Maintain politeness and maybe explain that you are waste free and don’t use or want any disposable items with your meal.
If you’re a messy eater like me, you may not want a napkin but you may need a napkin! Available waste-free alternatives include a reusable fabric serviette, or using your fingers to clean up the immediate mess on your chin and washing your hands (and face, if necessary!) in the toilets after eating.
Again, getting your own napkin out also lets them see you won't be needing one and will remind you to say you don't need one.
Can you please put it in this?
A more imposing appeal, as this may actually be a nuisance in certain situations, this is where it is most important to be polite and thankful.
For a yes to be more likely, it is best to go during less busy periods and to ensure your container is clean and the right fit – no one wants to handle another person’s mucky dish and you want to make it as easy as possible for them to use your container, so it is vital that it is the right size and shape for whatever you want placed in it. You can even phone beforehand and ask over the phone if it would be possible for you to bring your own container.
I have only been turned down once (by a chain claiming health and safety reasons). Other than that one time, everyone has been more than happy to oblige. I have never been judged; only met with either curiosity or praise.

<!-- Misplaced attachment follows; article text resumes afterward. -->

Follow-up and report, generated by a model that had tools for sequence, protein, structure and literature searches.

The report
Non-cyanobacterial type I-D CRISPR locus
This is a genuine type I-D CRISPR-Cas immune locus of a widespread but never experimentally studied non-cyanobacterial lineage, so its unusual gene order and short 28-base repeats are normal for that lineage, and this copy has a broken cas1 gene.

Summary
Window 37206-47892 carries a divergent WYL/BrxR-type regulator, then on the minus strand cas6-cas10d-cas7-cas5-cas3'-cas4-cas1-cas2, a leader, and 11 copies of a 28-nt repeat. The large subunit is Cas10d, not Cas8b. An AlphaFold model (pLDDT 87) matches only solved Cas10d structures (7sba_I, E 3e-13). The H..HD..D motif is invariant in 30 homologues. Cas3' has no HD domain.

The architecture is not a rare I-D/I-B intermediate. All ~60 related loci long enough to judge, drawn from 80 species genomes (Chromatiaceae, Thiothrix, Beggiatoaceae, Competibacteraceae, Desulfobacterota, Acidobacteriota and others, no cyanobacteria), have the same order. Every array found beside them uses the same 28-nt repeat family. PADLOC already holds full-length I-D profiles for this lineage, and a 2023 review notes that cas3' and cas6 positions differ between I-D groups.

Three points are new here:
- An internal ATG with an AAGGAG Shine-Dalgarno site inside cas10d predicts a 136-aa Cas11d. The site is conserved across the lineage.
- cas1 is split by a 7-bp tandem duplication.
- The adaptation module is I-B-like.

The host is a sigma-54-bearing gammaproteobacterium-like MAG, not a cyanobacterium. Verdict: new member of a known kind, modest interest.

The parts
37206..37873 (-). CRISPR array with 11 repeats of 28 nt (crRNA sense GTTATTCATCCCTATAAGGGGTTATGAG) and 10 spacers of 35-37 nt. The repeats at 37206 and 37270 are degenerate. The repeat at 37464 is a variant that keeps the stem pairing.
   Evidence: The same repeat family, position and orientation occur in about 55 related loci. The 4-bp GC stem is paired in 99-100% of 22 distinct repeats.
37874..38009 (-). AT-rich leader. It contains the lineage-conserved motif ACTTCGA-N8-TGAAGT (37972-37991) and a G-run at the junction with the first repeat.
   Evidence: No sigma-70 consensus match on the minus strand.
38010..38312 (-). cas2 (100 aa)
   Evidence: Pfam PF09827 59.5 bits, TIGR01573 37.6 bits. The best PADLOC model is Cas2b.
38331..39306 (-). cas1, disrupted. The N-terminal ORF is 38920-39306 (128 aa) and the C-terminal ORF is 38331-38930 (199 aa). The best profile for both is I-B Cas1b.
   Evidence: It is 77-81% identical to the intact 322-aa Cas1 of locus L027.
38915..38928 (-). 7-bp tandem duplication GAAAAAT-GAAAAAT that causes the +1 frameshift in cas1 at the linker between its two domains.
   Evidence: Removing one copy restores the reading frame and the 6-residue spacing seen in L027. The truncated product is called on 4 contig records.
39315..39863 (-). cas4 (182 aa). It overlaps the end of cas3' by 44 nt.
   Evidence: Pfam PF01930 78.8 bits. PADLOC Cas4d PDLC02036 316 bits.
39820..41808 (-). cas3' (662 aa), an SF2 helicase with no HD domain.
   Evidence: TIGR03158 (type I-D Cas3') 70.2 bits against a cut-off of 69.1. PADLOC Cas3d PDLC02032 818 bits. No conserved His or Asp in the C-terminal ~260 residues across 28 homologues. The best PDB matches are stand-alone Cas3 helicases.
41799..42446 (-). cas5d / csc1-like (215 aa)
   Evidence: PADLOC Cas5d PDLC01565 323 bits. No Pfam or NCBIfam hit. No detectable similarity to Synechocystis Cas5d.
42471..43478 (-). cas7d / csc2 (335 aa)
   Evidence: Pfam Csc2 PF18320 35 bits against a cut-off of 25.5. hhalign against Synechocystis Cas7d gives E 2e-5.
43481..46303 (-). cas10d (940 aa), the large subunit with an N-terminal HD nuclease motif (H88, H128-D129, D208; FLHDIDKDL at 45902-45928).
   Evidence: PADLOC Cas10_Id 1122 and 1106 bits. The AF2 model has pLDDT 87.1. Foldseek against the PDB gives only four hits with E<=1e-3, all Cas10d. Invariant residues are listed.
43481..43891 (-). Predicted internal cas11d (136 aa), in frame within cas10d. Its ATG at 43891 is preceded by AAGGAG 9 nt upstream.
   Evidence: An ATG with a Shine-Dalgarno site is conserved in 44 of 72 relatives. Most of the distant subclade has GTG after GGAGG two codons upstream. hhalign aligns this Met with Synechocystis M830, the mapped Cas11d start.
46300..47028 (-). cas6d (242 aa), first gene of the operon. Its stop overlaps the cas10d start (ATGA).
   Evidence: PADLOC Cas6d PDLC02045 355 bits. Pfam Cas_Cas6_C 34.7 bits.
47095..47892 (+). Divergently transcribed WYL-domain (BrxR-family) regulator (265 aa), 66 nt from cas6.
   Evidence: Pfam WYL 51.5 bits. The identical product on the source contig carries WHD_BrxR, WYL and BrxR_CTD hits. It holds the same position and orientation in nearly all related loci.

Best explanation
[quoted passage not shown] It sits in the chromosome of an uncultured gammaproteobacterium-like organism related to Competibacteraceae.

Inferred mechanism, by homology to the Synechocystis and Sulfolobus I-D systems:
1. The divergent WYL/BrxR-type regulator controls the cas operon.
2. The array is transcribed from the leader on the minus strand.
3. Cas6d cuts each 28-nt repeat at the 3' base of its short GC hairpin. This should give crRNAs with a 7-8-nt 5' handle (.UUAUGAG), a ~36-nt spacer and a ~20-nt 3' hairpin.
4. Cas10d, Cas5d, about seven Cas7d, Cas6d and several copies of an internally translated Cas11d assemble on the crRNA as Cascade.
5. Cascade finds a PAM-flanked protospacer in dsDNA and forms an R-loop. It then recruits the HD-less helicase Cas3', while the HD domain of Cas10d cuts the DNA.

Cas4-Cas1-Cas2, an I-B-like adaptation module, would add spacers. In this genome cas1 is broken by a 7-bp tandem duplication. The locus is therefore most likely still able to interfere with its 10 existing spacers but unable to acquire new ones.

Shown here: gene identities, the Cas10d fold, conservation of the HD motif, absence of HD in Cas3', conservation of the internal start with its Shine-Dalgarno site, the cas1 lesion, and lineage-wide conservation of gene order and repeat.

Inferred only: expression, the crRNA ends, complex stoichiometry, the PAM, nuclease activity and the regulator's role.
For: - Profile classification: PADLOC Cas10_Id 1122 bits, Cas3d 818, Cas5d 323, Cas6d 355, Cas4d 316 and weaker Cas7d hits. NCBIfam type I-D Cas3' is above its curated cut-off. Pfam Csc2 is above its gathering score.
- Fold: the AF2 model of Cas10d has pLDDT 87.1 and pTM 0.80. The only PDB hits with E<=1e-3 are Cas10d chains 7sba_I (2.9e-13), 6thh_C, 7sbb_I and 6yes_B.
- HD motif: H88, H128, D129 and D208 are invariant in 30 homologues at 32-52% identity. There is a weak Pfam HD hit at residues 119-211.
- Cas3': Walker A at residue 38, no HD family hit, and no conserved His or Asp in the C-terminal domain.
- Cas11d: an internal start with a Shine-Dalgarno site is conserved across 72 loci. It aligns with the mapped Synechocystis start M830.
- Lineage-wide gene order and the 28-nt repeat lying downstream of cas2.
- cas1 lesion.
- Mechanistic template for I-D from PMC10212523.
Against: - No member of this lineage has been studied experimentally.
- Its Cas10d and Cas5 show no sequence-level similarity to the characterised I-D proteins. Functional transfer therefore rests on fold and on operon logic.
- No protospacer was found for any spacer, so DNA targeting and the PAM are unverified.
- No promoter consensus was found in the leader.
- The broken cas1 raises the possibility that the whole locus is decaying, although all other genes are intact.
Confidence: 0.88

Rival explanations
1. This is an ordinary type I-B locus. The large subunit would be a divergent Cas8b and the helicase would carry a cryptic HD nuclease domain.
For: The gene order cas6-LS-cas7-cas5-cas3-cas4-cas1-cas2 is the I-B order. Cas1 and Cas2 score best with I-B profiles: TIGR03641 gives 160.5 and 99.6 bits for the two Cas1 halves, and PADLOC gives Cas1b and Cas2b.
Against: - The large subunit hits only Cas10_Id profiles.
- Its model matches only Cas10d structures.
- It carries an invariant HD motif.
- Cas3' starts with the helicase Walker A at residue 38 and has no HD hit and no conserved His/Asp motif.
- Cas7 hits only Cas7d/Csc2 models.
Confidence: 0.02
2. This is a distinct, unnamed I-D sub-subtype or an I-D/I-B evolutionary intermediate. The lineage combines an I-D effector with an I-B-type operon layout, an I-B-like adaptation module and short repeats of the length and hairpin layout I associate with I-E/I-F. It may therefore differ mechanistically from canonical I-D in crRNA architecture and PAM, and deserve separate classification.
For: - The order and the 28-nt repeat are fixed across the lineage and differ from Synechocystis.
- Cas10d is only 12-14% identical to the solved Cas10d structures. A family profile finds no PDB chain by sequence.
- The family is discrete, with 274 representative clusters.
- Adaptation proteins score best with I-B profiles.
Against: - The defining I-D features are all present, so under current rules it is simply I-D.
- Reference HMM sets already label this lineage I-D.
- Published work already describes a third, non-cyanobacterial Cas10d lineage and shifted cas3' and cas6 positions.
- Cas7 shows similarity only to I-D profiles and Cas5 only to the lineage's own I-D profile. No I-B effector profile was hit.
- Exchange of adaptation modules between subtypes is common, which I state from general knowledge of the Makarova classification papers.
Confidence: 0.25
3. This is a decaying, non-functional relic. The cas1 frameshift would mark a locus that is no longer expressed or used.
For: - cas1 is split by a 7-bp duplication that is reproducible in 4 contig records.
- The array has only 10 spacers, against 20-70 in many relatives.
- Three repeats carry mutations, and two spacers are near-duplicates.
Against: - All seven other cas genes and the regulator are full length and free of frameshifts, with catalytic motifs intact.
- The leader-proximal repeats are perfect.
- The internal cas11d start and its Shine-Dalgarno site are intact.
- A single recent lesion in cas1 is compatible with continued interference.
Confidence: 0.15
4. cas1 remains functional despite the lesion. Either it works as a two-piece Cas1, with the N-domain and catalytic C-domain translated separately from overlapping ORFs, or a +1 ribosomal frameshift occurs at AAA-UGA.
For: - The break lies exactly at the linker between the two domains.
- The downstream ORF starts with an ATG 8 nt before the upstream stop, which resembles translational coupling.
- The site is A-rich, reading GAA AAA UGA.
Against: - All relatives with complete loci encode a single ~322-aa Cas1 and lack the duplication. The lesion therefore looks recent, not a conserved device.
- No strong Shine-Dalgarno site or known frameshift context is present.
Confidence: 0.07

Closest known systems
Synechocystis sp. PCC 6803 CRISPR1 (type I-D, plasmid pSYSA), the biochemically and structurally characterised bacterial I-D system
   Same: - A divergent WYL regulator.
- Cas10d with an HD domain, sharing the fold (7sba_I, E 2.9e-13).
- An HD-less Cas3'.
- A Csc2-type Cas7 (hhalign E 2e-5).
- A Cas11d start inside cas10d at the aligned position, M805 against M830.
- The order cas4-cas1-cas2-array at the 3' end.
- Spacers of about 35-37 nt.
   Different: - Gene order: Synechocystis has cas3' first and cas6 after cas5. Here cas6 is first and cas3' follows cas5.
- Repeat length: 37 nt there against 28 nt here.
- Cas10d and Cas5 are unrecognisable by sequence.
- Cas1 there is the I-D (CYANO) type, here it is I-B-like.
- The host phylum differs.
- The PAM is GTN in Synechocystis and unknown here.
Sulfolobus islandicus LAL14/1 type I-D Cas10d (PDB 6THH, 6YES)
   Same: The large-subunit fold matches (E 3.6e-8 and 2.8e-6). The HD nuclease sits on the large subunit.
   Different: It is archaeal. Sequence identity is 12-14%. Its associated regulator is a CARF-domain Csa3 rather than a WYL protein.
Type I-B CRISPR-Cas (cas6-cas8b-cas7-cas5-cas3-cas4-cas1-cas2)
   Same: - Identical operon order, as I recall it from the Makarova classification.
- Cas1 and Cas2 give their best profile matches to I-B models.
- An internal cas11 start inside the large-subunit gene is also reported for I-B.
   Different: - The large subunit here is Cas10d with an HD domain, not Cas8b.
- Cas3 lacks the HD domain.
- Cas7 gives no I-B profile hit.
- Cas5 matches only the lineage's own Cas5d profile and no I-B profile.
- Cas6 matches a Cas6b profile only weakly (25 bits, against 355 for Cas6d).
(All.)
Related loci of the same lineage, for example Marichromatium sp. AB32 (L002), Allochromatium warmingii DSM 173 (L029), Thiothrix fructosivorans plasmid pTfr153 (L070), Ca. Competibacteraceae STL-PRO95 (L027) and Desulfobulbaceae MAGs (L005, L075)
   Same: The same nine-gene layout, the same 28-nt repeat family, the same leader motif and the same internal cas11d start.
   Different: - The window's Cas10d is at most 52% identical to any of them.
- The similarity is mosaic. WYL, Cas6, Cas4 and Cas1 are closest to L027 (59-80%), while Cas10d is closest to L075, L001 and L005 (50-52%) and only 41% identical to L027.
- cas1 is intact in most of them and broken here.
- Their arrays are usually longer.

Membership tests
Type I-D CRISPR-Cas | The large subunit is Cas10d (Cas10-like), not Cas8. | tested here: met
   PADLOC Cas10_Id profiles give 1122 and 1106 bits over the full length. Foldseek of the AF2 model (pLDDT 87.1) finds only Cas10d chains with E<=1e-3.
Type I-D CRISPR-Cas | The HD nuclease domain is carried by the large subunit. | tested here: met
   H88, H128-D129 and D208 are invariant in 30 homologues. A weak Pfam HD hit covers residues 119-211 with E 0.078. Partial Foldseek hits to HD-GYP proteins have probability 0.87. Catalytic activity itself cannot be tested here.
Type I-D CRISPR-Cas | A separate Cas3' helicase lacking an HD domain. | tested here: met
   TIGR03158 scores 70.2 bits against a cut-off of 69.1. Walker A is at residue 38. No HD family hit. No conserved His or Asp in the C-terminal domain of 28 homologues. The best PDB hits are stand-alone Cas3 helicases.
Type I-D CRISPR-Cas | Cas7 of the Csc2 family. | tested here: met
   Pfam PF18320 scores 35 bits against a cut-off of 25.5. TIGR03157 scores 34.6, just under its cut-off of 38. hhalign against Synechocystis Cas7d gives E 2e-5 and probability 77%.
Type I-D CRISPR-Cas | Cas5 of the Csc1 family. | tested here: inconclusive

If you get a yes, be grateful and thank them for accommodating your request. They really don’t have to, so they are doing you a favour, and the more polite and grateful you are, the more likely they are to do it for you and others in future. Give the reusable nation and us zero wasters a good name!
If you get a no, respectfully ask them why this is the case and listen to their answer. Although it is their choice and a business’ choice whether they accept using a reusable container supplied by a customer, there are no laws that prevent the use of reusable containers.
It is your choice whether you still make the purchase or choose to go somewhere else if you are refused. There is usually no point in fighting it, and the best thing you can do is put your dollars where your heart is and take your business elsewhere.